First Aid Kit, composed of the elven-queens Klara and Johanna Soderberg, hit an Internet nerve after they placed their cover of hit Fleet Foxes song “Tiger Mountain Peasant Song” on YouTube back in the year of 2008. Shortly before that, they had already re-recorded their first EP, Drunken Trees, with the help of their school-friend’s father, Karin Dreijer Andersson, who is one half of The Knife. At this milestone, the young ladies were the age of fourteen years old. Fourteen is a pinnacle year, especially from a developmental standpoint. You’ve survived the castrating year of thirteen of endless questioning and doubt and latched onto a form, an outlet–whether that’s singing, sports, writing, etc. You see glimmers of your passion. You swim this sea without the poisoned expectation of achievement. Perhaps, this is the best blessing.
Continuing on this vein of relinquished expectations is a good way to be. First Aid Kit certainly follows suit with their latest album, Stay Gold. Within the first track, “My Silver Lining,” they sing about tenacity and the absence of fear, “I just keep on keepin’ on / try not to hold onto what is gone.” Their voices, it’s undeniable, marry in an astonishing, piercing way. Their timbre, influctuation, and tonality spin naturally off one another. This quality of sisterhood is a strong bond, seen in groups like Haim and CocoRosie. They have that certain magic about them, a unique, potent aura. There is a special parallel and balance within that dynamic.
Stay Gold is certainly not like the folk daydreams and wood-whimsies of Drunken Trees. Rightly so! The digression seen here is influenced by soft rock/ country folk singers such as Carole King and Patsy Cline. The sister’s voices are more grandiose, exposed, and the harmonies are more fluid and blended. There is less space between the pairing of voice and instrumentation. Like their previous albums, the songs are voice dominant, but there is consistent tension.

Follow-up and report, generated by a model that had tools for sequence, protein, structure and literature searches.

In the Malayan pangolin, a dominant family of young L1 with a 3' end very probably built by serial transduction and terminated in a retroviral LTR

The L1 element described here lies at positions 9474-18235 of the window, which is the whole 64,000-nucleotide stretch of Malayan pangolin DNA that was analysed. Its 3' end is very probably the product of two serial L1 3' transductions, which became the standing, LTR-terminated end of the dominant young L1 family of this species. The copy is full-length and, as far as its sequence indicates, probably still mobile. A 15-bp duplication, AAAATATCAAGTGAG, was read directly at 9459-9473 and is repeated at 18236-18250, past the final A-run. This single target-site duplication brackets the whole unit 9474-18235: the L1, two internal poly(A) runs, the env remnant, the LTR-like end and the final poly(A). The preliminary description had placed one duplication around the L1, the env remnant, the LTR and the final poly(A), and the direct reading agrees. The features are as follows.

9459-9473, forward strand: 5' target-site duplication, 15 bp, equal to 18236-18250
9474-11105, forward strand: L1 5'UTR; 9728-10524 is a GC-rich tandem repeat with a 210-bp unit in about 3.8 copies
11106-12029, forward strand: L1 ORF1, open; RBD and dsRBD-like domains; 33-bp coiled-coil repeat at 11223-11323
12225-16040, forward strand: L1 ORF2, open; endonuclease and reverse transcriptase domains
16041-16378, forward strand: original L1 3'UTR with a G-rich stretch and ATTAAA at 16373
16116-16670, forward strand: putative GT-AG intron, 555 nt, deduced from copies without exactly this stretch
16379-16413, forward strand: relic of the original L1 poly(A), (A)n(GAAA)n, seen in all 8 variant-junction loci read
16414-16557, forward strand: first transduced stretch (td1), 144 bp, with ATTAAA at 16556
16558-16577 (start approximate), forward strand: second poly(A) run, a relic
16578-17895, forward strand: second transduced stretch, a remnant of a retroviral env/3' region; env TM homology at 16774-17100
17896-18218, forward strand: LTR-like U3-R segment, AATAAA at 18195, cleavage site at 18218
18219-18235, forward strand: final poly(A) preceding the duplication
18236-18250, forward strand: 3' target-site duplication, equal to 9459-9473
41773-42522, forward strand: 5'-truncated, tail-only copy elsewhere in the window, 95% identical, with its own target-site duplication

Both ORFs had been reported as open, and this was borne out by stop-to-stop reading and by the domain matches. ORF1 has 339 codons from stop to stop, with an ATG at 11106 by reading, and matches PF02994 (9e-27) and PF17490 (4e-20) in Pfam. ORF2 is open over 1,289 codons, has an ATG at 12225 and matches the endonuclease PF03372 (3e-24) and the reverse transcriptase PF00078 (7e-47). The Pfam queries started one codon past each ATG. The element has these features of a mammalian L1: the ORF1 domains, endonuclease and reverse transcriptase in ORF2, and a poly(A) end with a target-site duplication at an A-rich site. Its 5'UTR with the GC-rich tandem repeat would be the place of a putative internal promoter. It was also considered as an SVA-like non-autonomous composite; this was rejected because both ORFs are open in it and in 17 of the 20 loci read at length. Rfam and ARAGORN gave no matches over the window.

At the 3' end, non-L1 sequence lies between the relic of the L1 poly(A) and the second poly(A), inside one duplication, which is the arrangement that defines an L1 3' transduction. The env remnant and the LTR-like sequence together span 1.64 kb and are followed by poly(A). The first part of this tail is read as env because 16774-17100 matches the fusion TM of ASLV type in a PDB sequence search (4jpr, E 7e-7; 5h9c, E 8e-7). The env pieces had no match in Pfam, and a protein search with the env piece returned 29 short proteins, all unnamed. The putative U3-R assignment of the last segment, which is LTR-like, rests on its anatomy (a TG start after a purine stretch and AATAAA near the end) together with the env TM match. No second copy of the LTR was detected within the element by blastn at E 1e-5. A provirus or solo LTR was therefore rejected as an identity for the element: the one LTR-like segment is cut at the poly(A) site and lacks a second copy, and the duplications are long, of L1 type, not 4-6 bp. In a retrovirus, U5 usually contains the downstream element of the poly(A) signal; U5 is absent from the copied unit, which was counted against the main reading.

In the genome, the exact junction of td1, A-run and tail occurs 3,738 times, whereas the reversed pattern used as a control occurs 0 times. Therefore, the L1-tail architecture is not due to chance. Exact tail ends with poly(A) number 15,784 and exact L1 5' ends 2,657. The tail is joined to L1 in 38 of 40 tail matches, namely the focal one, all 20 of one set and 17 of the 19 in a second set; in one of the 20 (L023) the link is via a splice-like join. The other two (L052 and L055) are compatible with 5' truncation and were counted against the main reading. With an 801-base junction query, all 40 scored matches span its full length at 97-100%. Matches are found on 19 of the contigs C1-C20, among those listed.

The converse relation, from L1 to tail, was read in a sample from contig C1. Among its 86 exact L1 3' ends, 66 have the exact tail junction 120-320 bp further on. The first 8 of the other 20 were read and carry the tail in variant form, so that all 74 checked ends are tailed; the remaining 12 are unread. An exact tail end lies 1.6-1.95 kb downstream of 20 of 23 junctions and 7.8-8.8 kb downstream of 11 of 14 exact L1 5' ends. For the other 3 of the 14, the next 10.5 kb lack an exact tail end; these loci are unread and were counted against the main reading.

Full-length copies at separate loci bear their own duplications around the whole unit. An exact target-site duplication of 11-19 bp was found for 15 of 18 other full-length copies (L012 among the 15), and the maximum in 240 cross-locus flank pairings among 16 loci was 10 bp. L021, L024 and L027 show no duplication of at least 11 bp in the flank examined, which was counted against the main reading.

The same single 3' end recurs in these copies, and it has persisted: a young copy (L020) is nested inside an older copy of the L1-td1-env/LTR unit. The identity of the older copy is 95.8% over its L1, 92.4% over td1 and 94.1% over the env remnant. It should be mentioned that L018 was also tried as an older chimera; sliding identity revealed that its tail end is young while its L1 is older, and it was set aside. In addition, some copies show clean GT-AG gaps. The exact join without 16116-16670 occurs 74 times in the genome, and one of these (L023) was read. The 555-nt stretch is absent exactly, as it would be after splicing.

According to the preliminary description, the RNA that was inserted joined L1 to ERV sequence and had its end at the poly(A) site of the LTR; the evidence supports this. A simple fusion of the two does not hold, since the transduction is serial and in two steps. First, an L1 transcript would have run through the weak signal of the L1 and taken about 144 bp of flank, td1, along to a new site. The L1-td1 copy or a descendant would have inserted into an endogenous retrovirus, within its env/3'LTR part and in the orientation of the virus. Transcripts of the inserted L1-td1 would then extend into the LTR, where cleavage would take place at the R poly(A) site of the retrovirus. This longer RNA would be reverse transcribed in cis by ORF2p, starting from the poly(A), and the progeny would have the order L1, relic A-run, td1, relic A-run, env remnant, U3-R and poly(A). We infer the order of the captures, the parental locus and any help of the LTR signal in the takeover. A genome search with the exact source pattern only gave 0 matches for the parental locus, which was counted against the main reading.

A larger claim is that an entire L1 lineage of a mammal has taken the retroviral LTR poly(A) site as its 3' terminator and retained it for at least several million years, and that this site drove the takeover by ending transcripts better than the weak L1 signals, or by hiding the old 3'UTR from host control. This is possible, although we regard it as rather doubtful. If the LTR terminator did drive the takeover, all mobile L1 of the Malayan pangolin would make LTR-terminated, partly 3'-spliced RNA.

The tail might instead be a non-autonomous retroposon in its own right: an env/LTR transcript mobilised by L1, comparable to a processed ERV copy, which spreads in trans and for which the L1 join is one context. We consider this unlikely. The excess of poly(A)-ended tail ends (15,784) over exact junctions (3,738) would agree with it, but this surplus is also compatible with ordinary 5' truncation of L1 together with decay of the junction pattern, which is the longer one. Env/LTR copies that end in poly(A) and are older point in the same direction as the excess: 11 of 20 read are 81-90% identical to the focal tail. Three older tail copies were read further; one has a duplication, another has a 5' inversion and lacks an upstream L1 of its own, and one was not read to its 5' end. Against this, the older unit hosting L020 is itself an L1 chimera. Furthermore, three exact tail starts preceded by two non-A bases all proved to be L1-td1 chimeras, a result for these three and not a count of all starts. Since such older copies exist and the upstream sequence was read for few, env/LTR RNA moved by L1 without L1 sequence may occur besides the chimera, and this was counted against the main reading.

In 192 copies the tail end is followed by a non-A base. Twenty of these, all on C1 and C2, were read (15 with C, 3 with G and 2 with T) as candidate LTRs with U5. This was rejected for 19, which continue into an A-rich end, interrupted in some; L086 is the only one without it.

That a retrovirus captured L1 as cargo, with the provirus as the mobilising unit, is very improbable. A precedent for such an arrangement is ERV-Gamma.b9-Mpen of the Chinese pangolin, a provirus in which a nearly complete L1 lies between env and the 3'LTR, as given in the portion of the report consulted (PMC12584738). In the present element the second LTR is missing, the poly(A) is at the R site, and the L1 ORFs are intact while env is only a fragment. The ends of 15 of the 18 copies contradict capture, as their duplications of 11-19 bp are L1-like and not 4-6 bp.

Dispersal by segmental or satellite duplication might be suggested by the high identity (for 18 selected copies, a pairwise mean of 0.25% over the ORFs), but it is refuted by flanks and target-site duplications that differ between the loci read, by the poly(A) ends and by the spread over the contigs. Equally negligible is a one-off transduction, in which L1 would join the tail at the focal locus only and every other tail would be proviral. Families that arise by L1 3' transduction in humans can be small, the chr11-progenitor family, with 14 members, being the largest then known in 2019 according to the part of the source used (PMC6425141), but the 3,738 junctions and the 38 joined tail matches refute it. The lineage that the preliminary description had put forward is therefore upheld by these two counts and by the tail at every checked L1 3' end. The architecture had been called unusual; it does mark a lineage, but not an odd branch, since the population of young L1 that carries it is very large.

In the title track’s chorus, their voices are powerful, pushing, bright like the sun. The orchestration is clamoring in the back, although beautiful, it is a little too over the top. Not every song is set so high. “Cedar Lane” is a reminiscent, reflective track that features the croons of a Dobro. It is fluid and lackadaisical, patiently delivering the lines “Something good will come out of this” and “This heavy heart of mine never fails.” Indeed, much of the tracks are self-reflective, questioning, and seeking to find a place within the chaos. In “Waitress Song,” they sing “Girls just want to have fun / the rest of us hardly know who we are.”
“Shattered & Hollow” plays with the concept of parallels, working this theme throughout the harmony. “I’d rather be broken than empty / I’d rather be shattered than hollow.” The slow rumble of a drumbeat works with the pacing of the building vocal intensity of the refrain. They extend the word “we” in a fluid down fall, and split the line with a quick “are gonna get out of here.” This recalls the hint of twang that is seen in their last album with the song “Emmylou.”
Much of Stay Gold seems anachronistic, like we should have been listening to it in the 1960’s. “The Bell” beckons with the agonized, questioning tone of a song like “I Go Out Walkin’ After Midnight” or “Blue Bayou.” First Aid Kit makes the feminine, mystical aspect of folk music seen once again with a classic-sounding new release.